President Donald Trump said that Libra and other cryptocurrencies should face banking regulations. He also said that the U.S. regulatory system may not be adequately equipped to handle the broad adoption of the huge digital payment system that Facebook envisaged.
The Group of Seven (G7) Are Concerned
Much the same concerns were raised at the G7 meeting in Chantilly, France. Country leaders were also concerned about the safeguards to withstand a run on reserves and users' privacy and ownership rights.
Benoit Coeure, the European Central Bank board member said his G7 working group on stablecoins would work on the matter until the International Monetary Fund's annual meeting in October, after which it will hand over the matter to the Financial Stability Board of global financial regulators. He also outlined the broad risks-
"A global stablecoin for retail purposes could provide for faster and cheaper remittances, spur competition for payments and thus lower costs, and support greater financial inclusion. However ... they give rise to a number of risks related to public policy priorities including anti-money laundering and countering the financing of terrorism, consumer and data protection, cyber resilience, fair competition and tax compliance…Market discipline is useful but I wouldn't see it as progress to shift monetary sovereignty from governments to private multinationals."
Finance Minister Bruno Le Maire of France, which holds the rotating presidency of the G7 top world economies, told a news conference, "We cannot accept private companies issuing their own currencies without democratic control." He spoke for the ministers and governors to say that "stablecoins and other various new products currently being developed, including projects with global and potentially systemic footprint such as Libra, raise serious regulatory and systemic concerns."
The G7 also agreed to tax large tech companies for money they made in a country even if they weren’t physically present. They agreed to fix a minimum taxation to eliminate competition between themselves for foreign investments. France, Italy, Britain and Spain already have a plan in force that could be replaced with the new tax.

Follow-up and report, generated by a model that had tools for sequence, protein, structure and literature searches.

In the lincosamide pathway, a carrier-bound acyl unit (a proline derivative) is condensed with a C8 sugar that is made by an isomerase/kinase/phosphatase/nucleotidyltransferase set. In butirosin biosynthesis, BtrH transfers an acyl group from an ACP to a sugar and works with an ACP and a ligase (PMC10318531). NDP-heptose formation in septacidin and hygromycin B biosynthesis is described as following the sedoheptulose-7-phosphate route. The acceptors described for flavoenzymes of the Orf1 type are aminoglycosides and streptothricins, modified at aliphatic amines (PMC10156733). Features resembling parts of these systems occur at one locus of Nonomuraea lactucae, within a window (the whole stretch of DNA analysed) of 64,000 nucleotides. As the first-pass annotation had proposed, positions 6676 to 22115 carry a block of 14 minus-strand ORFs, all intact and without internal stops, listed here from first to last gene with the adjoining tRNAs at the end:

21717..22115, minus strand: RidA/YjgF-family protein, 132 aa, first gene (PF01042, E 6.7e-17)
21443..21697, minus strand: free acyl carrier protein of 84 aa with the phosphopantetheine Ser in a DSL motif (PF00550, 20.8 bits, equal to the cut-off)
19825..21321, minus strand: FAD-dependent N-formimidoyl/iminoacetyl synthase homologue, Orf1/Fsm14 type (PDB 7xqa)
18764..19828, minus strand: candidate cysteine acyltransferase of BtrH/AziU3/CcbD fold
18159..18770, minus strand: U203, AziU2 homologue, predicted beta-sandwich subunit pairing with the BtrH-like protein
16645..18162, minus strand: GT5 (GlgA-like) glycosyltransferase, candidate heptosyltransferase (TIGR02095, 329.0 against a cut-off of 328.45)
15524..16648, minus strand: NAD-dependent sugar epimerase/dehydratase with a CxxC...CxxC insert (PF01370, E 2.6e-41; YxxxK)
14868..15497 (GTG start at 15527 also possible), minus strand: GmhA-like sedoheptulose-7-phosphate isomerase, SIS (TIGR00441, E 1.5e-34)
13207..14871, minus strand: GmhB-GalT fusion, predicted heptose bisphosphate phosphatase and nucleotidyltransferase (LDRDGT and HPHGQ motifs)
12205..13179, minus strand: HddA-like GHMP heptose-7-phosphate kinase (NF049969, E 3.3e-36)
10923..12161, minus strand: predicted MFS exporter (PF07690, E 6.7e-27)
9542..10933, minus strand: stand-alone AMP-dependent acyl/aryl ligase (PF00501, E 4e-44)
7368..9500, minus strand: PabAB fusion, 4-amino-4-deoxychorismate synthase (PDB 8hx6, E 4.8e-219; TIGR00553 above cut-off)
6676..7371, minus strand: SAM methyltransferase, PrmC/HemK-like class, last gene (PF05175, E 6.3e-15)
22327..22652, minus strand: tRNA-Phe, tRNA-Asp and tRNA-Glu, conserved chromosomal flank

What the Market's Saying
Coin Center Executive Director Jerry Brito says that Libra is a company-issued asset whereas a true cryptocurrency has decentralized control and wasn’t issued by any central authority. For instance, no company issues bitcoin.
Blockchain Association Director Kristin Smith seemed to welcome the publicity Libra brought while remaining wary about Facebook’s past. It’s mixed,” she said. “We certainly don’t want the whole industry to become associated with some of the issues that Facebook has had as a company in the past.’’
Cryptocurrencies were appreciating after the announcement of Libra, but lost some value in the last week as regulators pressed down on Facebook. All the major currencies including bitcoin, ethereum and ripple responded.
A few weeks into the debate and it does look like Facebook has bitten off more than it can chew. To convince regulators the world over about the efficacy of broadly adopting a stable coin is going to be neither easy, nor cheap.
No doubt the idea was innovative and something governments might pursue in the future (as the People’s Bank of China has apparently said it’s doing), especially given the growing digitization of services. But there doesn’t seem to be a good reason they would turn over control to a private multinational company.
And then of course there’s the question of how Facebook has reacted to its mistakes/transgressions in the past. None of that inspires a lot of confidence. As Senator Sherrod Brown said, it is like the “toddler” with the book of matches. “Facebook has burned down the house over and over and called every arson a learning experience.”
That said, if the government wants to really block the company, it has to come up with some legislation or designate the regulator.